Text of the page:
A PHP Error was encountered

Severity: Notice

Message: Only variable references should be returned by reference

Filename: core/Common.php

Line Number: 239

Love Lane Lives - the boys & girls from the whitestuff

Love Lane Lives

The history of sugar in Liverpool and the effects of the closure of the Tate & Lyle sugar refinery, Love Lane

Blog Home > Beyond The Lane

Last day of Black History Month 2009

Written by Ron Noon at 20:47 on Saturday, October 31st 2009

image  image

“Sugar did not create Negro slavery. Given the circumstances in which the New World was colonised by Europeans, the need for labour in the colonies for purposes other than sugar production and the long standing existence of slavery in Africa, African slaves would no doubt have been carried to the Americas if the sugar cane had never been domesticated. But the gigantic scale of the transatlantic slave trade and its maintenance for several centuries, were due primarily to the demand for sugar in Europe and North America.”  W.A. Aykroyd Sweet Malefactor (1967)

The first blog on this website, (November 27th 2008), highlighted the formidable obstacles impeding the wider distribution of two shocking films about modern day sugar slavery. “Bill Haney’s film ‘The Price of Sugar’ narrated by Paul Newman, and Amy Serrano’s ‘Sugar Babies’ are bitter sweet films dealing with abuses of human rights on sugar ‘bateyes’ in the Dominican Republic that…demand the oxygen of publicity.” Unlike our Boys and Girls from the Whitestuff, these films aroused blatant opposition and resistance from offended “sugar interests”.

Paul Newman’s last film was shown to interested students and staff at the end of October last year in the Clarence Street Lecture Theatre and a year later I introduced Serrano’s Sugar Babies, narrated by Haitian-American author Edwidge Danticat, to a small audience at the FACT in Liverpool. Both of these incredibly important films were shown in Black History month and deal with the denial of birth rights to children born to Haitian parents on the sugar bateyes of the Dominican Republic. Both of these films deal with the remarkable Spanish priest, Father Christopher Hartley who spent ten years of his life among Haitian sugar cane cutters campaigning to win better conditions for them and who rapidly became a thorn in the side of the powerful sugar baron families, the Dominican Government and eventually his own church! “The human rights abuses I encountered there, were nothing I could have steeled myself for in advance” and “I would be a horrible man and a worse priest if I turned my back and did nothing.” Amy Serrano’s award winning film does not hold back in “naming the culprits” and she denounces not only the powerful Sugar families but the Government of the Dominican Republic “for criminal involvement with human trafficking”.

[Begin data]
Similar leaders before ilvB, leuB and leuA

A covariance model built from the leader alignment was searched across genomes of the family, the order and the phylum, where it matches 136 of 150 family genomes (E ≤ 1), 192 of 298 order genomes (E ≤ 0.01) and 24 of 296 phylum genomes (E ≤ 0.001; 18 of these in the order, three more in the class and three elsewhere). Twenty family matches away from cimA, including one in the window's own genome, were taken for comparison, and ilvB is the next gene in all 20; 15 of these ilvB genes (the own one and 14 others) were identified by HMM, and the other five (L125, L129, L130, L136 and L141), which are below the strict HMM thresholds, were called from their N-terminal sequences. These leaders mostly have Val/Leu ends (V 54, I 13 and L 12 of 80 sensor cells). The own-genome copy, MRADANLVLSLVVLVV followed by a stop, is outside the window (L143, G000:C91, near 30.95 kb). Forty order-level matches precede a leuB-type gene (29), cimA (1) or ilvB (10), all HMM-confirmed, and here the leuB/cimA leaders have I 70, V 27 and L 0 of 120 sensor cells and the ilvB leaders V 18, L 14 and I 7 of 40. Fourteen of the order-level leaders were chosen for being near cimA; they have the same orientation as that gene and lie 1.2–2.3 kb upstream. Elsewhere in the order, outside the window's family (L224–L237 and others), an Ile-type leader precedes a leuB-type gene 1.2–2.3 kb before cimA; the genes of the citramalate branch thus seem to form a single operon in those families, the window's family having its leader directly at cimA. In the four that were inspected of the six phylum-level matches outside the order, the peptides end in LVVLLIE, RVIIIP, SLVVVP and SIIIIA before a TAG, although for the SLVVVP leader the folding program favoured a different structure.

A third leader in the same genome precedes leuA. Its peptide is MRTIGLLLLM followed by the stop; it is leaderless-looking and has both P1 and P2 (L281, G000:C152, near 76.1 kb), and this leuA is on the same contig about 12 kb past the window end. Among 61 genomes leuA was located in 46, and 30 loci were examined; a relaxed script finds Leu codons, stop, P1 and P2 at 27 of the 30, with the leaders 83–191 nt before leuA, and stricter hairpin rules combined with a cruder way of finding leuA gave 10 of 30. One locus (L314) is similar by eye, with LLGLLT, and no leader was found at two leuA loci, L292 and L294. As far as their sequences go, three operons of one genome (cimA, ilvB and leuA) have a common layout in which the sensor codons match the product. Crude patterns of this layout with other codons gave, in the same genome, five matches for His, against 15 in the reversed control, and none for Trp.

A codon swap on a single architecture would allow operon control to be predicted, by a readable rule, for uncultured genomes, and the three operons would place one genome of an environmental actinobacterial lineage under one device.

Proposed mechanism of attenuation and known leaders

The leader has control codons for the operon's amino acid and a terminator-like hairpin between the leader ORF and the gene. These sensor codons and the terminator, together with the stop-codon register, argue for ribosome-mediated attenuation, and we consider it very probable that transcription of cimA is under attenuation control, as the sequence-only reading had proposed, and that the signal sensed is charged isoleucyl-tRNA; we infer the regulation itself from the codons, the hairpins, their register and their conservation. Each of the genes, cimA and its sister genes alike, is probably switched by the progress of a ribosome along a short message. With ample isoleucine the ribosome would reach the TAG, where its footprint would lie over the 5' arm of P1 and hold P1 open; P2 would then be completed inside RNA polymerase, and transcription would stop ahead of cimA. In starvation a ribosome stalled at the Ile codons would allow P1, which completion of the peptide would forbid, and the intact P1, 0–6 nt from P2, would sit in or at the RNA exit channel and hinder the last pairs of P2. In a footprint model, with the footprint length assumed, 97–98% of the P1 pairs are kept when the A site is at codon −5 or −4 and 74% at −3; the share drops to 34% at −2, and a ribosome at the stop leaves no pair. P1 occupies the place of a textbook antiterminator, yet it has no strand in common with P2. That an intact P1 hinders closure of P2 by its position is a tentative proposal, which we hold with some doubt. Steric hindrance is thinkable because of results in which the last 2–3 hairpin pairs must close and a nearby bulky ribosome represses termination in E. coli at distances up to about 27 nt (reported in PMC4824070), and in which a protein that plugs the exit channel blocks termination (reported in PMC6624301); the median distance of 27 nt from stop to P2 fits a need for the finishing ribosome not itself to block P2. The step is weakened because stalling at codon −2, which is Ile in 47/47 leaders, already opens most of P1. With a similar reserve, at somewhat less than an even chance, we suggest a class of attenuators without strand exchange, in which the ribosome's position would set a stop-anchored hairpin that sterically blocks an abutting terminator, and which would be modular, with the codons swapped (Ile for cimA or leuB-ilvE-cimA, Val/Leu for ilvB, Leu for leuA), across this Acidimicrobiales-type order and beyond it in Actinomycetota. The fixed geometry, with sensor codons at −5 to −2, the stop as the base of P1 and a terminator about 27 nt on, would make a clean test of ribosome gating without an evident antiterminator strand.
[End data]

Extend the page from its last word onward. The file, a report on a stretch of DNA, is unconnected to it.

In an essay that appeared this summer she movingly reminds us of what is tragically not just a history lesson. “I linger on haunting portraits of stolen lives on modern day sugar plantations where ideas of freedom and self determination are but lofty concepts given the economics of dark skin. I dwell on easy recollections of starving children running into near seven foot high cane fields at noon, disappearing into the green as they scavenge for edible stalks to feed their daily hunger. I recall barefoot children venturing deep into those fields, vulnerable to cuts from the razor sharp blade of the cane and the bites from infectious rodents endemic to the sweet terrain”. She’s not only a talented film maker but an incredibly brave one too, determined to plug the past into the present and shake us out of a complacency that confines these abuses to museum exhibitions and transatlantic slave galleries! Her film “portends not only to deeply examine the disturbing modern day relations that continue among sugar, power and human rights…it equally strives to bring about sufficient awareness of how the past intersects the present, and how the future might be made right – at least for the children”. Who could deny the basic human rights of those children?

Febuary 14, 2008 – Vol. 43 No.27
Dominican sugar tycoons knock films critical of trade
Jonathan M. Katz

PORT-AU-PRINCE, Haiti — The Dominican sugar industry is striking back at two documentaries that depict Haitian cane-cutters working in dangerous conditions for little pay in the Dominican Republic.

The two films — one narrated by actor Paul Newman, the other by Haitian novelist Edwidge Danticat — echo U.S. State Department and Amnesty International reports that criticize the general mistreatment of Haitians who migrate over their shared border to the Dominican Republic on the island of Hispaniola.

The films have not been screened on the island, but Dominicans have lashed out at them nonetheless. When “The Price of Sugar,” narrated by Newman, was passed over for an Oscar nomination in January, Dominican newspapers widely quoted a sugar group celebrating that “justice has been done.” Industry insiders also were pleased when “Sugar Babies” was dropped from the program at the upcoming Miami International Film Festival.

Leading the effort to counter the movies’ impact are the Fanjul and Vicini families, who own the first and second-largest Dominican sugar companies, respectively. The Cuban American Fanjul family also owns vast sugar operations in Florida where Haitian workers on temporary U.S. visas harvest cane.

The Vicinis hired the Washington, D.C., lobbying and law firm of Patton Boggs to sue the makers of “The Price of Sugar” for defamation as part of their public relations campaign.

Dominican politicians are also getting involved. Foreign Minister Carlos Morales Troncoso, a former sugar magnate, called a Paris exhibition that displayed the two documentaries “a campaign of hate.”

“Their goal is to stop people in the world from seeing the movie, because it reveals conditions that viewers find deeply troubling,” said Bill Haney, who produced the Newman-narrated film, in a phone interview from Boston.